Of course, it isn't just religion that attracts fundamentalists. Any authoritarian outfit in which they are offered a set place on the pecking order where they can give and receive directives will attract them. So much so that many police departments use their psych test to screen out, among other borderline types, fundamentalists. You don't want to be pulled over by a cop who is sweating, shaking, pointing a gun at you with both hands and screaming that you are defying the will of
the lord.

The military, with lower admittance standards, particularly in times of war, winds up with a lot of Frank Burnses. And because the officers' corps is much more rigid about chain of command and unwavering discipline than are the grunts, a disproportionate number of fundamentalists infest the officers' corps. Now mind you, this isn't just M*A*S*H or Catch-22. This is real life.

Over the past twenty years, fundamentalists have taken control of much of the officer corps in the American military. Given that fundamentalists quite frequently combine sanctimony with an appalling lack of introspection, this results in an officer corps that is willing to excuse even the vilest behavior, so long as it's done by "good Christian soldiers."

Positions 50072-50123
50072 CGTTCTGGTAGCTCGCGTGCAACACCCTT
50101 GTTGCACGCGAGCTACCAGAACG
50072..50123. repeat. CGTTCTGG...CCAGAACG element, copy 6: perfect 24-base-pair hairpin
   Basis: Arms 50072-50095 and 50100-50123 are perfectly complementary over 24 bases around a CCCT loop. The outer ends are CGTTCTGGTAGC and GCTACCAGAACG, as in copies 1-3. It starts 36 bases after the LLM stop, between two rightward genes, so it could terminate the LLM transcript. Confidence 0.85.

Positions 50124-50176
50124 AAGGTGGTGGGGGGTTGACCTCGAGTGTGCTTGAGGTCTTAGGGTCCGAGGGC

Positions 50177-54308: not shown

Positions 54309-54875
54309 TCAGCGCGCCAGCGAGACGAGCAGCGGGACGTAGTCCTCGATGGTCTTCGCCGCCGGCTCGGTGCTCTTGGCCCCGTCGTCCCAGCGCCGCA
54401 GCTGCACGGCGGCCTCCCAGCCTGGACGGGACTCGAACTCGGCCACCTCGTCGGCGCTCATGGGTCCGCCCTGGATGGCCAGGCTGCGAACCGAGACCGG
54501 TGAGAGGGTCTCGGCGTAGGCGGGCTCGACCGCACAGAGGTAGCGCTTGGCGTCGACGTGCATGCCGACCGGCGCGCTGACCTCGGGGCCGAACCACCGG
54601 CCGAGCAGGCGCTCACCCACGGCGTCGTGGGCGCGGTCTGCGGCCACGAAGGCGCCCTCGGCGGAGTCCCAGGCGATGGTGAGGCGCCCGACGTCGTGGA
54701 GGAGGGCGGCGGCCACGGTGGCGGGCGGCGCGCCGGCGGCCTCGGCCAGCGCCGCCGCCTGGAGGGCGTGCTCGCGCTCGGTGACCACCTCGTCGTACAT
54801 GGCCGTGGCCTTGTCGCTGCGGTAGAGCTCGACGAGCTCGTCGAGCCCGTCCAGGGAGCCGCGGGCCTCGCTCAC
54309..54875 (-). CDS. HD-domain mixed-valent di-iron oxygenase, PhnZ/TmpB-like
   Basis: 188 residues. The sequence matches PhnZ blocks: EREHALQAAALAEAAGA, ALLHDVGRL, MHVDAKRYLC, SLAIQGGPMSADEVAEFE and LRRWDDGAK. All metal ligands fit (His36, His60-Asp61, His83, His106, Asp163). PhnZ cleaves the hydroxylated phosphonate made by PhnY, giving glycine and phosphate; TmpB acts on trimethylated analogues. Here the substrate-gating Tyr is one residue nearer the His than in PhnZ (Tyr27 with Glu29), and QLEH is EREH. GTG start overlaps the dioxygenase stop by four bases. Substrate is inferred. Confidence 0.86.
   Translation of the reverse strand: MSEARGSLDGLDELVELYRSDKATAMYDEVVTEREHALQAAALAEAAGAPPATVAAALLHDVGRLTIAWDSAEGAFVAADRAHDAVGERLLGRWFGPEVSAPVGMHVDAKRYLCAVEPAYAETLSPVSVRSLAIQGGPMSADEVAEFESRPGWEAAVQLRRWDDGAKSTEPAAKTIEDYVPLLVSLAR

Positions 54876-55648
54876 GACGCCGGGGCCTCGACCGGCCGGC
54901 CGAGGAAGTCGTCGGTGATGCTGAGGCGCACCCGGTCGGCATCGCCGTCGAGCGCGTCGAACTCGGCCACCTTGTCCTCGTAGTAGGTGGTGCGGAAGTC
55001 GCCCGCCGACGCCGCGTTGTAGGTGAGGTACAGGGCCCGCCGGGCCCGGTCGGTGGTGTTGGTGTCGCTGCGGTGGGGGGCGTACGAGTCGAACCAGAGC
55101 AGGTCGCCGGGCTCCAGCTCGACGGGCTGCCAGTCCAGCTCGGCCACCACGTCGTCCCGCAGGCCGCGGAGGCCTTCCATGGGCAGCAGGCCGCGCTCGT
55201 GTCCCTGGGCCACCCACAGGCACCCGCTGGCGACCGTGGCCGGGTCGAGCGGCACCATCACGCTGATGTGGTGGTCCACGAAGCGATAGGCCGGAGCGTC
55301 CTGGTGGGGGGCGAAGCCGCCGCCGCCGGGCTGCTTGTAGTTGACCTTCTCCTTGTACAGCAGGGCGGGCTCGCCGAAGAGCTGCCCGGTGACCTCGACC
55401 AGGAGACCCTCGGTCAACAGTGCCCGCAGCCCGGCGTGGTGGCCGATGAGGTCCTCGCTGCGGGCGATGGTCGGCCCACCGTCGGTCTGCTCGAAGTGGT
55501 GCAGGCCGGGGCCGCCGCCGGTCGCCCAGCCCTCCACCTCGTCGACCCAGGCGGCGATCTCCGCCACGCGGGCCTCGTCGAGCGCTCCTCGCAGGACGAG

There have been numerous complaints in the military, some getting out into the public arena, of forced religious indoctrination, prejudice against non-Christians and non-believers, and a conspiracy of silence to protect the crimes of those acting, in the views of the officers, on behalf of their notion of Christian principles.

An example the other day was that of one Specialist Jeremy Hall , who was sent home from Iraq because he was an atheist. I had to consider for a moment, since my initial reaction was that they were sending the brights safely home while leaving fundamentalists to face hostile fire from their counterparts in the middle east. I had to look for the down side.

The downside is that the fundamentalist personality is authoritarian, and is constantly seeking to increase the range and scope of control it can have over others. This doesn't just make life miserable for the enlisted men; it results in poor discipline and shabby ethics among the officers (Abu Ghraib, anyone?) and, if allowed to grow unchallenged, eventually results in a military officer cadre that will feel morally compelled to attack the civilian authority of the United States in order to save those dissolute and irresolute civilians from themselves, and deliver them unto the harsh and loving authority of our lord Jesus, Amen.